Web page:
Despite a slight fall from July’s 10.1 per cent in response to volatile fuel prices, the situation will likely get worse before it improves, with the Bank of England (BoE) forecasting inflation to pass 13 per cent in the final quarter of this year.
The present spike means that the price of everyday items like staple foods, fuel, clothing, shoes and furniture have all climbed over the last year, a development that threatens to hit low-income families hardest at a time when they can least afford it.
Charities have already reported increased sales of and demand for second-hand clothes in response to increased production costs driving high street fashion to its priciest levels since 1988 when records began.
“The easing in the annual inflation rate in August 2022 reflected principally a fall in the price of motor fuels in the transport part of the index,” the Office for National Statistics (ONS) said on 14 September.
“Smaller, partially offsetting, upward effects came from price rises for food and non-alcoholic beverages, miscellaneous goods and services, and clothing and footwear.”
Rising costs, staff shortages and supply chain disruption are known to be affecting both big name retail brands and small businesses alike, leaving them with little choice, as they see it, but to pass on price rises to consumers to ensure their own survival.
ONS data has meanwhile revealed the extent to which UK wages have stagnated, with real pay falling 3 per cent in value between April in June, a rise in cash terms dwarfed by the soaring costs elsewhere.
Private sector workers saw their pay rise 5.9 per cent before inflation – more than three times as fast as their counterparts in the public sector who received a 1.8 per cent increase.
The figures set the new Liz Truss government on course for further clashes with public servants including nurses, doctors, lawyers and teachers who have seen the value of their incomes collapse this year, adding to the pain of a decade of falling real wages.
“The scale of this pay pain is even deeper than official figures suggest too, as pay growth estimates are still artificially boosted by the effects of the furlough scheme last year”, said Nye Cominetti, senior economist at the Resolution Foundation.
“This squeeze has come about despite robust pay growth and a lively jobs market, with pay settlements strengthening slightly, and almost a million people moving jobs in the last three months.”
Ms Truss’s first move as prime minister to freeze Ofgem’s energy price cap, the maximum amount a utility company can charge an average customer per year, at £2,500 for two years will have provided some relief to households, which were facing another 80 per cent rise in their bills from 1 October in response to soaring global gas prices.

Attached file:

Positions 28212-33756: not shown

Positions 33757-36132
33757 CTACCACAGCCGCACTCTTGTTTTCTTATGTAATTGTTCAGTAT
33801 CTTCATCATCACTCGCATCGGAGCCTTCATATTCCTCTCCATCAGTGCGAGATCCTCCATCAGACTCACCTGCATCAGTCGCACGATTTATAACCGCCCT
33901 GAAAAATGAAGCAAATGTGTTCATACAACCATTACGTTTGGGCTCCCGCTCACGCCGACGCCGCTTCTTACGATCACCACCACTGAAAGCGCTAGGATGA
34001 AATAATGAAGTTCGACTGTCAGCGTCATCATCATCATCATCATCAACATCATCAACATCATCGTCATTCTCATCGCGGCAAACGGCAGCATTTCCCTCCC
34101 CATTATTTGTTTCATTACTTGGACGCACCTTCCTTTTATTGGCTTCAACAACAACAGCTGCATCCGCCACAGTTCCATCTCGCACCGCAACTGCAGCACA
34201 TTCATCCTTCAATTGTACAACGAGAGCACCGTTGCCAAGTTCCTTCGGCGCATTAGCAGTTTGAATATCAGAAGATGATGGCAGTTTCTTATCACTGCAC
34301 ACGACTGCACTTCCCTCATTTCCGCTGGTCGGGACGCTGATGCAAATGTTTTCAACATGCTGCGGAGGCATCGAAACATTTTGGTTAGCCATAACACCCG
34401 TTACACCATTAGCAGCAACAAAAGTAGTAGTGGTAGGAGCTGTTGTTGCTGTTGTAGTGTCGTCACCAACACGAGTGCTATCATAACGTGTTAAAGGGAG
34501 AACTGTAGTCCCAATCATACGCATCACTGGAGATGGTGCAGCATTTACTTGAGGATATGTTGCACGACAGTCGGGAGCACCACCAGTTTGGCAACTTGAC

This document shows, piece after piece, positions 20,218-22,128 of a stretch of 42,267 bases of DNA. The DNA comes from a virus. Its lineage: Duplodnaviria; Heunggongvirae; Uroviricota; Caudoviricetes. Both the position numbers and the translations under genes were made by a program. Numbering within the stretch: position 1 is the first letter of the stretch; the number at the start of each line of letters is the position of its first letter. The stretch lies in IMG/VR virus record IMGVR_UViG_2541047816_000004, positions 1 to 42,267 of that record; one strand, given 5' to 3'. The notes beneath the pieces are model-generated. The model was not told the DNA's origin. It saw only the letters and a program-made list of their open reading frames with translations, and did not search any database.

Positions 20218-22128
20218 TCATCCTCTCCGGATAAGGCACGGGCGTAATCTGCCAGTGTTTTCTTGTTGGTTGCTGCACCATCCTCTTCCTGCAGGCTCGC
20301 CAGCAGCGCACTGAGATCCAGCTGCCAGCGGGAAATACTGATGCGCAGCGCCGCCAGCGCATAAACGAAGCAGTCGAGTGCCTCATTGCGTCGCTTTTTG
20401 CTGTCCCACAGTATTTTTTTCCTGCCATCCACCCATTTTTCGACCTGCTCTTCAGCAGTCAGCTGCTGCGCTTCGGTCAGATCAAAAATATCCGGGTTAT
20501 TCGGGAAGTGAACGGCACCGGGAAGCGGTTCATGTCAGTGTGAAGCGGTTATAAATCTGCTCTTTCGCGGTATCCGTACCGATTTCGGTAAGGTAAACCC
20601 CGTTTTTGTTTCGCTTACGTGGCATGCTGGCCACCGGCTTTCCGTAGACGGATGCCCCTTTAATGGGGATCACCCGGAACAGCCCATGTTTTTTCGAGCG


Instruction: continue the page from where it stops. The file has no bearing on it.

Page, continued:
Had the regulator’s planned increase in the cap been allowed to proceed, it would have risen from £1,971 to £3,549 for a household on average usage, with those on prepayment meters charged even more.
The new PM has also pledged to honour former chancellor Rishi Sunak‘s package of aid measures for British households announced back in February as part of an attempt to soothe the “sting” of rocketing bills.
But after a summer of inaction, with the Tory leadership contest to choose Boris Johnson’s successor dragging on interminably while the incumbent preferred to go on multiple holidays rather than come to the electorate’s rescue, the nation remains in a state of crisis.
British consumers face flatlining wages and higher costs for everything from food, clothing, petrol, heating, housing and rent at a time when rising interest rates mean the cost of borrowing is going up too, most recently climbing another 0.5 percentage points to 2.25 per cent as the BoE’s Monetary Policy Committee moved to try to put the brakes on inflation.
While the current outlook appears bleak indeed, consumers are being encouraged to treat the present adversity, which will ultimately pass, as an opportunity to reassess their personal circumstances, streamline their finances and cut out any inessential regular outgoings.
“The most important thing savers can do now is review how this environment will affect their finances, where they are keeping their savings, and make adjustments as necessary,” said Colin Dyer, client director at Abrdn Financial Planning.
“For example, holding significant amounts of cash in a deposit account is effectively losing money in an inflationary environment, so depending on attitude to risk, investing in a stocks and shares ISA may provide a greater return if investing for the longer term.”